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United States Senator Tammy Baldwin (b. 1962) was in kinship care as a child. 

Tammy Baldwin was born in 1962 in Madison, Wisconsin. Her mother, Pamela Joan Bin-Rella, was nineteen years old when Tammy was born. At the time, she was going through a divorce and became a social worker. Pamela struggled with chronic illness and was later diagnosed with bipolar disorder.

She also had various physical conditions and illnesses that resulted in chronic and really acute pain. And not unlike so many of the stories I’ve heard these days, she was prescribed powerful narcotics to help her deal with the pain (Glauber).

But Tammy’s mother took more pain medication than prescribed and was “oftentimes debilitated in her addiction.” 

As a result, Tammy lived with her grandparents and visited her mother on weekends. Her grandparents both worked at the University of Wisconsin-Madison. Her grandmother was an artist and seamstress who became chief costumer, and her grandfather was a scientist. Tammy appreciates the stability that her grandparents provided, but remembers feeling like she let her mother down as a child.

As a little kid, I felt like I was trying to fix things and I always failed. You can’t cure somebody’s mental illness. You can’t cure their addiction. I was a little kid and I didn’t know better (Glauber).

Tammy became seriously ill at the age of nine and spent three months in hospital. Her grandparents had to make great sacrifices to cover her medical bills because their health insurance would not allow them to list their granddaughter as a dependent.

Tammy attended university at Smith College in Northampton, Massachusetts. She graduated in 1984 with majors in mathematics and political science. She followed this with a law degree from the University of Wisconsin-Madison in 1989.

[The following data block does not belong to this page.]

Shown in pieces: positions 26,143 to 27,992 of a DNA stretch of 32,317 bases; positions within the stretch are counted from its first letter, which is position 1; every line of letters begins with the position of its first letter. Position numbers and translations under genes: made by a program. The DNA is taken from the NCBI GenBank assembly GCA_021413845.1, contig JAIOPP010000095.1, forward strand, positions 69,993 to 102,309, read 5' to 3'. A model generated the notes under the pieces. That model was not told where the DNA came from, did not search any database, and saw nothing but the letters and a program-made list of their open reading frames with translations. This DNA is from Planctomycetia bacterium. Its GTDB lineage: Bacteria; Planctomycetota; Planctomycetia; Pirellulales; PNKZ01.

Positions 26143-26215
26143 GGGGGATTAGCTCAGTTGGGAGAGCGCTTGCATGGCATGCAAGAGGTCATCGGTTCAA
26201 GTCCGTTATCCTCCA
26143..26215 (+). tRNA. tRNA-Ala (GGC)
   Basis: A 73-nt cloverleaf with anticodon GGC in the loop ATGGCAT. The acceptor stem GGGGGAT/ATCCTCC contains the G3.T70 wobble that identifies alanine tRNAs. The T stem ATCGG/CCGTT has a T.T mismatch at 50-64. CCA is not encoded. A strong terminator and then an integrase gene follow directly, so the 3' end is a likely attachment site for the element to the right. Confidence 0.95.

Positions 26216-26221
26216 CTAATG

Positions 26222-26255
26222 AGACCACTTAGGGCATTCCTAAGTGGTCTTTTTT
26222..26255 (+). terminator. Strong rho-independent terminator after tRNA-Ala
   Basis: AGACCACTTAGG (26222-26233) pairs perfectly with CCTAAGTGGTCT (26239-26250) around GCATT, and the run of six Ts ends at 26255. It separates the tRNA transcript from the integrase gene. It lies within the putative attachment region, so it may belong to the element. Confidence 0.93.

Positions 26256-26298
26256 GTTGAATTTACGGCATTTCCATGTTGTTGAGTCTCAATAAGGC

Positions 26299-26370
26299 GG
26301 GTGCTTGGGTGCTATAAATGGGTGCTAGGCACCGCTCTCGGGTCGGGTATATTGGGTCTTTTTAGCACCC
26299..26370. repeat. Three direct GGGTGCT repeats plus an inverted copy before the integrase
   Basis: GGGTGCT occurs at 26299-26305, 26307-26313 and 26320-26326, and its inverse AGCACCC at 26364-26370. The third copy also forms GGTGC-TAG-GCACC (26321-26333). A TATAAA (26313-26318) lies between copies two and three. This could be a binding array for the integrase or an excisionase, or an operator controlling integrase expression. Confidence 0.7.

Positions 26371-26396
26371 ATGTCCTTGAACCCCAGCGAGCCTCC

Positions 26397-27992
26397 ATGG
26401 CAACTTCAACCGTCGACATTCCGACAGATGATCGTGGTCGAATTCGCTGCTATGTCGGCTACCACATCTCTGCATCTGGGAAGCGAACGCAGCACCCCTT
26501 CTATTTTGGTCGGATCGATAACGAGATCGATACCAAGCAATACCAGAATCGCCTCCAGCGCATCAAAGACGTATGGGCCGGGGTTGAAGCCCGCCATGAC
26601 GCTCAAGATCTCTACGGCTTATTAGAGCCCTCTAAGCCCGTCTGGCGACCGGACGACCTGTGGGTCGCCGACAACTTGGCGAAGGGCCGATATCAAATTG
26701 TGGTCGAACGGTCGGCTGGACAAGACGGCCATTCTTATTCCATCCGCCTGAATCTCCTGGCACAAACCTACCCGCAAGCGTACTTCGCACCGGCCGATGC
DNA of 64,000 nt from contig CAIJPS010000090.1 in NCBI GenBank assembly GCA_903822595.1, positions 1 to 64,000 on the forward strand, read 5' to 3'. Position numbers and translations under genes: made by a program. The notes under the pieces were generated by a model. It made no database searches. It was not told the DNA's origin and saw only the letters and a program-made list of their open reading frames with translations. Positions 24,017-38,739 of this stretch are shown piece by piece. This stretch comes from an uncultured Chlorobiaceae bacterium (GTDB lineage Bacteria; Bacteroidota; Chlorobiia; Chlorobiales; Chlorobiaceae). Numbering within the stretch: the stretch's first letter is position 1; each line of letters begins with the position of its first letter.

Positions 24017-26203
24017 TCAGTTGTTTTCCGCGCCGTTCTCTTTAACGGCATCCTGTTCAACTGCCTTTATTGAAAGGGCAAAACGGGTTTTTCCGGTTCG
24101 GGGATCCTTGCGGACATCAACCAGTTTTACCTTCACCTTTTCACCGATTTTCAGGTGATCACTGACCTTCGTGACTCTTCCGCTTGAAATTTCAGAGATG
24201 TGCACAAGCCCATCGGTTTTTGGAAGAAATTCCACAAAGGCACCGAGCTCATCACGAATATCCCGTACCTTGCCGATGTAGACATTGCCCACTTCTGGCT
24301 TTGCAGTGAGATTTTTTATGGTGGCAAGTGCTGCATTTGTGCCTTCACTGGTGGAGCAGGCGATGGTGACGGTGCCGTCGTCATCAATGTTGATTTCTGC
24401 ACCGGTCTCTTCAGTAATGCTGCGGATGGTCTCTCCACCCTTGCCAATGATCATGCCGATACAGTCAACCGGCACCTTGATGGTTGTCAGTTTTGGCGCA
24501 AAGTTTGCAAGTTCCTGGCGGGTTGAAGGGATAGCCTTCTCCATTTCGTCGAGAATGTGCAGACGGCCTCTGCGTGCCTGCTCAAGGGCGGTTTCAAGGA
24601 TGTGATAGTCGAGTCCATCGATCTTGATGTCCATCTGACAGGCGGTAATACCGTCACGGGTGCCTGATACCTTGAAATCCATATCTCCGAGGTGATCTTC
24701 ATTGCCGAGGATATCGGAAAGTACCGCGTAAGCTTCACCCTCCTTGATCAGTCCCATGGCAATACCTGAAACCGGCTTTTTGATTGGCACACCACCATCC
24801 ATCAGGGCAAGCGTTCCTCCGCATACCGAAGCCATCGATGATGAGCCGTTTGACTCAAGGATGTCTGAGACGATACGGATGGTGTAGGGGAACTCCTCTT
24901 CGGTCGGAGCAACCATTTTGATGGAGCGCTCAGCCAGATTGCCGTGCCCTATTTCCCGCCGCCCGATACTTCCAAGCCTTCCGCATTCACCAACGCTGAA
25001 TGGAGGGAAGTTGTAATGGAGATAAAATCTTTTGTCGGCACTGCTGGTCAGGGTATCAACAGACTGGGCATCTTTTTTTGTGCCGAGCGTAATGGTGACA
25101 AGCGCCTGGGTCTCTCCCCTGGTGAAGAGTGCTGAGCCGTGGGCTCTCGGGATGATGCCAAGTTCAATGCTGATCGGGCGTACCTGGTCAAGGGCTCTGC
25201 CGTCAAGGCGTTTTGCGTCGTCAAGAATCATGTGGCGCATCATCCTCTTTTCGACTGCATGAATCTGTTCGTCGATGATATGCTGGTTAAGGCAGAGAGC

Tammy’s political career began in 1986 when she served on the Madison Common Council. Next, she was elected to four terms on the Dane County Board of Supervisors between 1986 and 1994. She then won a seat in the Wisconsin State Assembly in November 1992 and served in that role for three terms. 

In 1998, Tammy was the first woman from Wisconsin to be elected to Congress. and the first openly gay US Representative to successfully campaign in US History. In 2012, Tammy won a seat in the US Senate, once again making history as the first Wisconsin woman elected to the Senate and as the nation’s first openly gay senator. She went on to win a second term in the Senate in 2018. 

Throughout her political career, Tammy has been a staunch advocate for issues affecting women, families, and the LGBT community. She sponsored the RAISE Family Caregivers Act which enhances care coordination, training, and respite for family carers. In 2022, she helped pass a bill to protect same-sex and interracial marriages to solidify a 2015 Supreme Court ruling in the wake of a recent Supreme Court ruling which overturned the right to abortion.

Tammy has also worked to improve health care and middle-class economic security. She helped design the Affordable Care Act, and led the initiative to enable young people to remain on their parents’ health insurance plans until the age of twenty-six.

In response to the opioid epidemic, Tammy supported efforts to enable local prevention, treatment, and recovery efforts in Wisconsin. She also authored the Jason Simcakoski Memorial and Promise Act, which increased oversight of opioid prescribing practices within the Department of Veterans Affairs to provide safer care for American veterans.

In April 2023, Tammy Baldwin announced that she would seek reelection for a third term in Wisconsin. She has previously campaigned on a platform that she is “looking out for the best interests of everyone in the state” (Bauer). After winning her first Senate race, she had the following message for the American public.

I didn’t run to make history. I ran to make a difference (Bauer).


“About Tammy Baldwin”. Tammy Baldwin website.

Bauer, Scott. “Wisconsin Sen. Tammy Baldwin launches run for 3rd term.” AP News, 13 April 2023.

Glauber, Bill. “Tammy Baldwin talks about late mother’s opioid addiction”, Associated Press, 1 May 2018.

McNamee, Gregory. (2021).  ”Tammy Baldwin United States senator”. Encyclopedia Britannica.

“Tammy Baldwin.” Wisconsin Women Making History.

Image available here